As a result, Obama now faces a House packed with hardcore right-wingers, enough of them to vote to defund National Public Radio (as though it were a huge contributor to the deficit). He is confronted with right-wing, Tea Party-backed governors all over the country, even in states that he carried comfortably in 2008.

Maine and Wisconsin are two big examples. Obama won those states with something like 56 or 57 percent of the popular vote. In 2010, both states elected Republican governors. In Wisconsin, Gov. Scott Walker has made busting the state's public employee unions into his life's work. The right wing is touting him as a possible presidential candidate. In Maine, Gov. Paul LePage has ordered state workers to take down a mural at the state labor department depicting Maine's labor history. He's also renaming the conference rooms that had been named for American labor leaders and for Frances Perkins, the U.S. labor secretary who in 1933 became the first woman to serve on the president's Cabinet.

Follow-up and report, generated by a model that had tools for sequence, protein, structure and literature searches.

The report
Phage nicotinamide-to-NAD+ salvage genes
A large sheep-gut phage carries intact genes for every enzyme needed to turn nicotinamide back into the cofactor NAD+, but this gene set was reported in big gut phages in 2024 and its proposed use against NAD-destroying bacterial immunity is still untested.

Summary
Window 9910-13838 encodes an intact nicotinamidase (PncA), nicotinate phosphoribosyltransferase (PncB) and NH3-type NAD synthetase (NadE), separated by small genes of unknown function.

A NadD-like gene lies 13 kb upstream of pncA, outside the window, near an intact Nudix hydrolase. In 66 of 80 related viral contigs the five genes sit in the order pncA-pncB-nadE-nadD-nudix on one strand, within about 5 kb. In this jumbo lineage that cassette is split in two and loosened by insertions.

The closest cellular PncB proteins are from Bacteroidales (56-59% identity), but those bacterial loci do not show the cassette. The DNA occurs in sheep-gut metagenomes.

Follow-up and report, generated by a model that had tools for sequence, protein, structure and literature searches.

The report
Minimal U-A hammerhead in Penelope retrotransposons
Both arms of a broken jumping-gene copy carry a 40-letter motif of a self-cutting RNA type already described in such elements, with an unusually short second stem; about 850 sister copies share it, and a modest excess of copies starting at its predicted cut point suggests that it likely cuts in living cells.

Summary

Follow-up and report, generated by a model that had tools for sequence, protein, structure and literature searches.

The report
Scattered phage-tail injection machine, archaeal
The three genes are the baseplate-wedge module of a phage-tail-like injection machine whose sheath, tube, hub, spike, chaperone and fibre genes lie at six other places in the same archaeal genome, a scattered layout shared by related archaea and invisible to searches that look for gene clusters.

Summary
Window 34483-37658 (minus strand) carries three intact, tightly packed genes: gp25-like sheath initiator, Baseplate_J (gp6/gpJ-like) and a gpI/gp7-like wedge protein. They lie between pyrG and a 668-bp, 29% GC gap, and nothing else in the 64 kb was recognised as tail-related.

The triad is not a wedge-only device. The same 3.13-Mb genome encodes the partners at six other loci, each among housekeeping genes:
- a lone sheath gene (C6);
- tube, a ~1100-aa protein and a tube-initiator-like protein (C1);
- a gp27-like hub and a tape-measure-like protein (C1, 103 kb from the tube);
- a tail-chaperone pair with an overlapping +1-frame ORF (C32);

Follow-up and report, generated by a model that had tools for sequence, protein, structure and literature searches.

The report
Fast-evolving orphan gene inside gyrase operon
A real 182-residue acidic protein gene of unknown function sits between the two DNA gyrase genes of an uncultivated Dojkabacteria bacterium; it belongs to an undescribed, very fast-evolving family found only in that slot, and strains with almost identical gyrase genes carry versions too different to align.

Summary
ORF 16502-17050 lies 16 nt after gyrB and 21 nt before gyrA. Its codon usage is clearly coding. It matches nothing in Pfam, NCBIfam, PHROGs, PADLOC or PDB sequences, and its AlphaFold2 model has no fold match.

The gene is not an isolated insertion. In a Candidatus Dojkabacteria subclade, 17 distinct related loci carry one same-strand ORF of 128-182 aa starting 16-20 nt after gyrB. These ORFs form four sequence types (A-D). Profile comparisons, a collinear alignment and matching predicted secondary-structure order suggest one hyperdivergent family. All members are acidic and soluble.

How could you not have known what would happen?

Excuse me, 29 million sometimes-voting Americans who voted for Obama in '08: What the hell did you think you were voting for then? And what the hell did you think was going to happen when 29 million of you sat home last November and let the radical, right-wing Republicans win high office across the land? Are you going to tell me that you're surprised that these things are happening?

To answer the first question myself: I, for one who turned out to vote both times, had hoped that I would get something more. Obama hasn't been what I had hoped. He's no FDR. Instead of enlisting people like Frances Perkins, he's surrounded himself with Wall Street-minted characters like Timothy Geithner.

But to Obama's credit, he did get some important things done for ordinary Americans. Thanks to his credit-card reform law, I'm likely to get a lower interest rate on my credit card very soon. As for the "Romneycare" health-care law that he pushed through at the federal level -- I favor single-payer for everyone, so obviously it's not what I'd hoped for. But if he'd decided to go down fighting for the public option (a compromise in itself), we'd have gotten nothing. Nada. Zero. Zip.